Last week was National Reconciliation week, and each of our services celebrated Reconciliation week in their own unique way! Read about how our Broadmeadows service reflected on Reconciliation week.

Reconciliation Poster

Reconciliation week focuses on Aboriginal and Torres Strait Islander cultures and histories, to share that knowledge and help us grow as a nation. At our morning group times we have been focusing on what reconciliation means to our kinder children:

Kayden L: “Funny face”
Tate: “Running or walking with everyone”
Ryka: “”we have to recognise people”
Alisia: “Be happy”
Fatima: “be friends”
Tate: “being nice to people”
Ryka: “become friends”
Kayden: “hug them hard”
Dilan: “hold their hands”
Shona Lee: “walk to shops”
Oscar: “hold hands and walk or dance”

Rebecca explained to the group that reconciliation week is about coming together, recognising each other’s different identities and being kind to one another. Kinder children also shared what it meant to be kind to our friends and other children around them. We have displayed their thoughts and ideas on a reconciliation poster for the room.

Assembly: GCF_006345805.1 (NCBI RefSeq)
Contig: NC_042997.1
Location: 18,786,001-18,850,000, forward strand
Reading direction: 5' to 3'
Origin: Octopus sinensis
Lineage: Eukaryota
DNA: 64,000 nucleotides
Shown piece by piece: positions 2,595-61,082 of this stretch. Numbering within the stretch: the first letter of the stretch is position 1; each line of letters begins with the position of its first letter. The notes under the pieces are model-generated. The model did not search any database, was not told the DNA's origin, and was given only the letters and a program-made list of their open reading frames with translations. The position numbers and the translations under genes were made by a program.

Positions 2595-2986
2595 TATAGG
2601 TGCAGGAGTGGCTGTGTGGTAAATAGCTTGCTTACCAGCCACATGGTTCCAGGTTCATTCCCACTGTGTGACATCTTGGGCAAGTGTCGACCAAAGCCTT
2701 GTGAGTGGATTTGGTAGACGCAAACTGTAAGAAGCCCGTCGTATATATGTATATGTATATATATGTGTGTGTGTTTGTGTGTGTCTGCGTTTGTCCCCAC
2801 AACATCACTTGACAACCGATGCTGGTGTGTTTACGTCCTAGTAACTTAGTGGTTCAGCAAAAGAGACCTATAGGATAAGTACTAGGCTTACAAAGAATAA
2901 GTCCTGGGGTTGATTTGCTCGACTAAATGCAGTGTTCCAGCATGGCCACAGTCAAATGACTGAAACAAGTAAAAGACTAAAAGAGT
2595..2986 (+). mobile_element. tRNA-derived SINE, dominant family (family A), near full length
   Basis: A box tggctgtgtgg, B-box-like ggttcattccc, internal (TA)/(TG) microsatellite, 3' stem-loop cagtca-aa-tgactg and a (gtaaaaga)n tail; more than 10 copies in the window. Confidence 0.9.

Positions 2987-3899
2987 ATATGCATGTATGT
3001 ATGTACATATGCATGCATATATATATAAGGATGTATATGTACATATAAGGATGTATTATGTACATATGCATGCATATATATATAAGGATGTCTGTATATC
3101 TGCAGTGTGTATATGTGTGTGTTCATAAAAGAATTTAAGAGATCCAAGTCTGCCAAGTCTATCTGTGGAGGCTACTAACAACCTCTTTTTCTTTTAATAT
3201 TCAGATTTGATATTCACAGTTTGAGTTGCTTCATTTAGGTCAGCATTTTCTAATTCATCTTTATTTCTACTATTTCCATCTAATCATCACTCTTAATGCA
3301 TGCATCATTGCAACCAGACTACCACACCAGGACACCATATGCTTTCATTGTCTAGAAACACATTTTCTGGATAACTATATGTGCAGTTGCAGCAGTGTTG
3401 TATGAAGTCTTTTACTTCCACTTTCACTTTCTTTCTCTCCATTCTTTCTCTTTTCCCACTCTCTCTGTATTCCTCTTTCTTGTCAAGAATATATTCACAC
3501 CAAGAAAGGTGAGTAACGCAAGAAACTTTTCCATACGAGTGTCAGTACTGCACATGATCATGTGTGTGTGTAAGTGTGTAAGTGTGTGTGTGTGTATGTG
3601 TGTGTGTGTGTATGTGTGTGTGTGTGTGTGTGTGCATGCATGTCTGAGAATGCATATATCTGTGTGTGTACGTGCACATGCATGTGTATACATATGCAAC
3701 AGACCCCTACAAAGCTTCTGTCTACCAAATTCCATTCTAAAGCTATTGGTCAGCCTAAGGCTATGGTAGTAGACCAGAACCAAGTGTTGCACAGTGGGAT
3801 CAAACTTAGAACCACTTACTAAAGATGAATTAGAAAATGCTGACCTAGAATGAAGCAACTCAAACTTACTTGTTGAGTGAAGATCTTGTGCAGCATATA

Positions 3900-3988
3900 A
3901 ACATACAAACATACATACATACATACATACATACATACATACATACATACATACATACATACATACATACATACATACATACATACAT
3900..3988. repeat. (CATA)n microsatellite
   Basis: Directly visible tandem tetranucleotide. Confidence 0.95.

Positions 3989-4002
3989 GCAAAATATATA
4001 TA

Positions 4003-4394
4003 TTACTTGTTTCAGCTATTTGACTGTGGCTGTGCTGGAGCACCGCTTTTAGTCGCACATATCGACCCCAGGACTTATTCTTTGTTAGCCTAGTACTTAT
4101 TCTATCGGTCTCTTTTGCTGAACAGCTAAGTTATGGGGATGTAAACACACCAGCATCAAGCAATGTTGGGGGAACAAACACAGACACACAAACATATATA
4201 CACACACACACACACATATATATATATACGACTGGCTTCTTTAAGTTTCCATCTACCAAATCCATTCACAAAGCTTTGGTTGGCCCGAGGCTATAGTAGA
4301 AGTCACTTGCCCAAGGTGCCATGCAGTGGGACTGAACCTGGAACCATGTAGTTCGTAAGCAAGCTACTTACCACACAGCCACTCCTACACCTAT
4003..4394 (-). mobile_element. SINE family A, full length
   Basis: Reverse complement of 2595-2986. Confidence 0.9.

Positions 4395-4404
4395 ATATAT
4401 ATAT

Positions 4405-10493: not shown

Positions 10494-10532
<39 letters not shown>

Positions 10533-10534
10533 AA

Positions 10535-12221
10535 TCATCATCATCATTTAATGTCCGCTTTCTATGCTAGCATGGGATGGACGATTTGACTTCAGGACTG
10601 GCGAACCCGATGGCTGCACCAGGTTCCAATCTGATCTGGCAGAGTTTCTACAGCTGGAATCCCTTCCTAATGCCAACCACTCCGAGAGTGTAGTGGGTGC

How this links to the EYLF: Children have a strong sense of identity when they share aspects of their culture with the other children and educators and feel recognised and respected for who they are.

Hume City Council Event

Children from Broadmeadows Valley had the opportunity to attend a National Reconciliation Week event facilitated by Hume City Council at the Hume Global Learning Centre.


The children participated experiences such as indigenous puzzles, musical instruments, rock art and hand print art. The children also had opportunities to learn dance that represented animals and their intricate movements along with digeridoo playing and clapping stick demonstrations.

After some fun, the children joined members of the community and various indigenous elders for lunch. Being able to participate in opportunities like these are very important to the continuation of sharing the indigenous culture with the younger generations, assists us in expanding on our indigenous learning program and for us to build on our indigenous resources.